WINNIPEG — A moment in history that changed Canada forever is headed to the screen and stage showing the lasting impact of the lessons learned during the Winnipeg General Strike.
The movie musical “Stand” follows a young Ukrainian immigrant who falls in love with a Jewish suffragette on the streets of Winnipeg during a time of social upheaval 100 years ago.
“This was us. This is our story, it has something to say to the world,” said co-writer and composer Danny Schur. “It makes me proud to be a Winnipegger.”
The movie is based on Schur’s original musical “Strike.” He wrote and composed the piece in 2003 after learning about the Ukrainian immigrants involved in the labour protest. He researched their stories, went to their graves and a fictional “Romeo and Juliet” love story set against the backdrop of the strike just flowed out of him, he said.
Winnipeg was Canada’s third-largest city in 1919 and had a population of around 180,000. People called it the Chicago of the north, but prosperity and good fortune wasn’t flowing equally.
When veterans returned from the First World War there were very few jobs. Those who already had jobs were paid very little to do difficult and oftentimes dangerous work.
On May 15, 1919, 30,000 unionized and non-unionized labourers walked out of their jobs.
In the days and weeks that followed, racial and anti-immigrant tensions swirled around the strike with politicians and the business community calling it a Bolshevik conspiracy. The federal government ordered the arrest of eight leaders.
Near the end of the six-week strike police armed with guns and clubs charged through a crowd of strikers on a day that became known as Bloody Saturday. It resulted in two deaths and thirty workers wounded.
In the wake of the massive movement, strike leaders ended up on trial, but there was also a renewed unity in the labour movement across the country.
Director Robert Adetuyi said when he read the story, he connected to it as a Canadian and as an immigrant.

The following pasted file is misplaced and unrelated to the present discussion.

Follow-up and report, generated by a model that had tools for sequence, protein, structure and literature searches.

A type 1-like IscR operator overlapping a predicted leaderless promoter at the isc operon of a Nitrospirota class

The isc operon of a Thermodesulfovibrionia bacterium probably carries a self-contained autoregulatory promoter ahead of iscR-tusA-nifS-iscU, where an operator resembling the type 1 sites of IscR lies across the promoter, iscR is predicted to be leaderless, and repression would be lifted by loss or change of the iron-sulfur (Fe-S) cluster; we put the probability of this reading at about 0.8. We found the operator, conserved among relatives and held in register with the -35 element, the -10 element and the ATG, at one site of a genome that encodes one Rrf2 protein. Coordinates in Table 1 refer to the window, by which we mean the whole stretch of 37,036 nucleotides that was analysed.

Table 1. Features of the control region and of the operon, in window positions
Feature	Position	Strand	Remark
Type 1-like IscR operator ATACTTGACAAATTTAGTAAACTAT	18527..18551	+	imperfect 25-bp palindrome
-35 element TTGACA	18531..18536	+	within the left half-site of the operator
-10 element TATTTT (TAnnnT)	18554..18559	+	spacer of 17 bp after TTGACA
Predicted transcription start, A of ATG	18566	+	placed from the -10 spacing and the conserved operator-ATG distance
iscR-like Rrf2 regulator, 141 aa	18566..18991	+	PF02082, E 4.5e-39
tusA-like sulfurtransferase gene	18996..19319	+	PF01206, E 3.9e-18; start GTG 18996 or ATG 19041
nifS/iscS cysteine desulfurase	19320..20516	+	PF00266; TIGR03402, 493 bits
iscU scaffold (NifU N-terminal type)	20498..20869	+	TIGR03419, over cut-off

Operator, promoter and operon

Adetuyi, whose previous work includes ”Stomp the Yard” and “Bring It On: Worldwide #Cheersmack,” made some changes to the original script with Schur to include more updated music and add diversity to the cast. Based on historical records the two men found, a Metis veteran and an African American who was a refugee of racial tensions south of the border were added to the script.
Adetuyi said he knew the lessons from the general strike would really resonate with young people today.
“They are going to actually understand a little bit more of what it means to be an immigrant today and why we care about immigration,” he said.
“I think it’s really interesting when art can move into the arena where it has something really significant to say.”
The movie, which was shot in the city in 2018, will have its premier in Winnipeg in September. Around 500,000 copies will later be distributed by the Canadian Museum for Human Rights and labour organizations to Grade 11 students across the country.
An updated version of the original play will also perform for the 100th anniversary of the strike’s conclusion on June 21 at Winnipeg’s Rainbow Stage. Play director Sharon Bajer said it’s important to keep telling stories of the sacrifices made for better working conditions by those before us.
“We take a lot of things for granted that people had to fight and die for back then,” she said.
“Can you imagine trying to organize 30,000 people to walk off the job with no internet?”